Coacharya wishes its community a Happy Dussehra!
As with most other Hindu festivals, perhaps most festivals across the globe, Dussehra is a systemic event, which brings individuals and their families together, with larger community involvement. Again, as with most other Hindu festivals, Dussehra is celebratory.
Dussehra is derived from the Sanskrit word ‘dasa’, meaning ten, and ‘hara’, meaning defeat. The festival signifies the defeat of a ten-headed evil, Ravana, by Rama, the seventh incarnation of Vishnu, the Sustainer in the Hindu trinity. Not all agree on the evil nature of Ravana, especially in the Dravidian south, of which I am part. We believe that Ravana was a great king and very devout. His motives for abducting the wife of Rama, which led to his defeat and death, are not clear. Perhaps, he too was just another human.
So was Rama. Though I bear his name and much is said about how great he was, some things he did were not so good—I may be taken to task for saying this in some parts of India. Simply put, all gods, in all religions are creations of humans, with the same fault lines. You may believe otherwise at your risk.
In the South, where I am from, Dussehra is celebrated as Navaratri, meaning 9 nights and 10 days. Each of these signifies an event. Unlike in the North of India, no one here burns effigies of the ten-headed Ravana. Here, the festival symbolizes the defeat and destruction of Mahishasura, a demon in buffalo form, by Durga, the mother goddess. Each night and day is celebrated in a special way, celebrating the nine incarnations of the mother goddess Devi or Shakti.
The whole of Bengal (East of India) goes berserk on the tenth day, Vijaya Dasami, meaning victory on the tenth, which is the 10th day of the ascending moon, when Durga destroyed the demon. Streets are blocked with massive statues of Durga within marquees all through the 10 days. Communities vie with each other for the best and the most attended festival site, replete with music, dance, food, and of course, speeches. The tenth day of Vijayadasami is the most important day in the Bengali calendar. On the 11th day, Durga’s idol is taken in a procession and immersed in the river with pomp and reverence.
In the South, the tenth day of Dussehra is celebrated in honor of Saraswathi, goddess of learning. All children wait for this day. A day when all books and learning material are placed at the feet of the goddess throughout the day. No learning, no homework, no school, what joy! I was initiated into learning at the age of 3 on this day many decades ago, as were generations of children. I still remember my grandfather guiding my right index finger tracing the Tamil and Sanskrit alphabets on a plate of sand. I guess it did help. The tenth day is also when one’s tools of the trade are worshipped as Ayuda Puja.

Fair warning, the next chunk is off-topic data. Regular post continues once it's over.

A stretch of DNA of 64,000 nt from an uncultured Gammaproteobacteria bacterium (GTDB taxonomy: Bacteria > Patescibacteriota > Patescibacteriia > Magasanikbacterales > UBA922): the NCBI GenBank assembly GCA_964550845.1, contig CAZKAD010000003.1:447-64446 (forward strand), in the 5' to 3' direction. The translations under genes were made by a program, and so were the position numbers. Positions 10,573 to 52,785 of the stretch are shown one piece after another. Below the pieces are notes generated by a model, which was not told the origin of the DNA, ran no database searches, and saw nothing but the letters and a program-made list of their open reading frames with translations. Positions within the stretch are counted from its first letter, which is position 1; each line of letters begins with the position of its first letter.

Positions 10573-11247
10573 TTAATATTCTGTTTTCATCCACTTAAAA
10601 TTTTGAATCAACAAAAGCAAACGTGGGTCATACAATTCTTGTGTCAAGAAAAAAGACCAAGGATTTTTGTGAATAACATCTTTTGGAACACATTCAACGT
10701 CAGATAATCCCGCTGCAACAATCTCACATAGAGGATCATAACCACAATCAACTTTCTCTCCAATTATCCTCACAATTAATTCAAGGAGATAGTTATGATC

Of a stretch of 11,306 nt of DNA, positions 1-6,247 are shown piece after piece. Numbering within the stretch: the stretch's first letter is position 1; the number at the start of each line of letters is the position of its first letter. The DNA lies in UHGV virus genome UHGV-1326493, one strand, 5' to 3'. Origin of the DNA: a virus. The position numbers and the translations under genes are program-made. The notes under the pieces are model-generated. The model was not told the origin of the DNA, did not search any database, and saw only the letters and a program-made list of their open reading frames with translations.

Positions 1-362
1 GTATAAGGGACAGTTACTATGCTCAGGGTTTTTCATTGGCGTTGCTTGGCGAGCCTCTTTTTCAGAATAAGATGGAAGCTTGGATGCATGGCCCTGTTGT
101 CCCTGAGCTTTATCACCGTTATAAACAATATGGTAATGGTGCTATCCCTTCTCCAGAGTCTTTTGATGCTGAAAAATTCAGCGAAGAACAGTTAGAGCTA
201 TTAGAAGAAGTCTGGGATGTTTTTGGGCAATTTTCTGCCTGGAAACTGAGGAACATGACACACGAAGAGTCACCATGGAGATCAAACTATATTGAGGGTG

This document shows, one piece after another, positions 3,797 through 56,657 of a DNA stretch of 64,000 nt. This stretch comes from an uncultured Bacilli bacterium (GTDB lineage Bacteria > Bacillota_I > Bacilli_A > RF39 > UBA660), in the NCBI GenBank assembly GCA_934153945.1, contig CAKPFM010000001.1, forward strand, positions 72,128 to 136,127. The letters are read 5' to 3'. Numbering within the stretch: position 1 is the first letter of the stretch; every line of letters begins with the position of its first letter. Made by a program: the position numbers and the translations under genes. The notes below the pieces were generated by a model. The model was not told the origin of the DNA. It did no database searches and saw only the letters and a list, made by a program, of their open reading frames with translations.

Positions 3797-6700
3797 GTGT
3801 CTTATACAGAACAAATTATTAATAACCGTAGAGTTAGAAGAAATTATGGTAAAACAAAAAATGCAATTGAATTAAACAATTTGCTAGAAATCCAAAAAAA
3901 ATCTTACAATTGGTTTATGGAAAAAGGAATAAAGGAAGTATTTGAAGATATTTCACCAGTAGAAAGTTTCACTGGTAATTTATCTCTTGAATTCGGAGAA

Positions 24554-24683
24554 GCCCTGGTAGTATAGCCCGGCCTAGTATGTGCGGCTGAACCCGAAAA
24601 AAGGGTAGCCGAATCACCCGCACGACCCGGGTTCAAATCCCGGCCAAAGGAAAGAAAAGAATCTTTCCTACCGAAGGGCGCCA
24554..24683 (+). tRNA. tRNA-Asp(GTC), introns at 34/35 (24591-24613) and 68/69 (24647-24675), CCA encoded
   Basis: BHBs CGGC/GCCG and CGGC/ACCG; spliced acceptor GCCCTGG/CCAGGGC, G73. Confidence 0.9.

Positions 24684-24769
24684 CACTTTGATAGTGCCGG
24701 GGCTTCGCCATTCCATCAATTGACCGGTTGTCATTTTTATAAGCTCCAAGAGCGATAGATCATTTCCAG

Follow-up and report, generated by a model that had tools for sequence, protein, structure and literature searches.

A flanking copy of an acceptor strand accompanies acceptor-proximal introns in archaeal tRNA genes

The entire period of Dussehra is of action, learning, and growth, with the tenth day spent in reflective contemplation to create self-awareness. It’s about building relationships and nurturing them with others in the family and community. It’s about serving a larger purpose, sometimes of feeding the poor, initiating learning, and celebrating the tools that one uses in reverence. As coaches, we can put it to better use by not merely disengaging in self-reflective awareness, but once that is done, by also coaching someone in need with unconditional positive regard.
Durga, Saraswathi, Rama, and Vishnu will be proud and bless us, wherever they may be.
I seem to have had a bit of a senior moment when I wrote that the on the tenth day of Vijayadasami, all books are laid at the feet of Goddess Saraswati, and children have a field day. Actually that happens on the ninth day, generally called Ayudha Puja, the day when implements are worshipped and not used. On the tenth day children start schooling or at least used to. My apologies.
I seem to have hurt the feelings of at leat one person who is miffed by my praise of Ravana. Sometimes, some of us, forget that Rama, Ravana, Durga, and Mahishasura are all our creations and metaphors. Veda and Upanishad make no mention of them. They appear in the purana, which literally mean ‘old tales’ or myths. As metaphors they represent our light and shadow sides, hence the constant battle between good and evil in all myths, which are actually battles within us. Religions, all religions, use this to create conflict.
Our philosophy in Coacharya is to promote spirituality of unity, not religion of division.
Please view and read us with this in perspective. I, as the author of the blog, have no apologies about praising Ravan. Those who may like to see another side of the myth of Ravan may like to read Amish Tripathi’s Ram Trilogy, which has sold millions.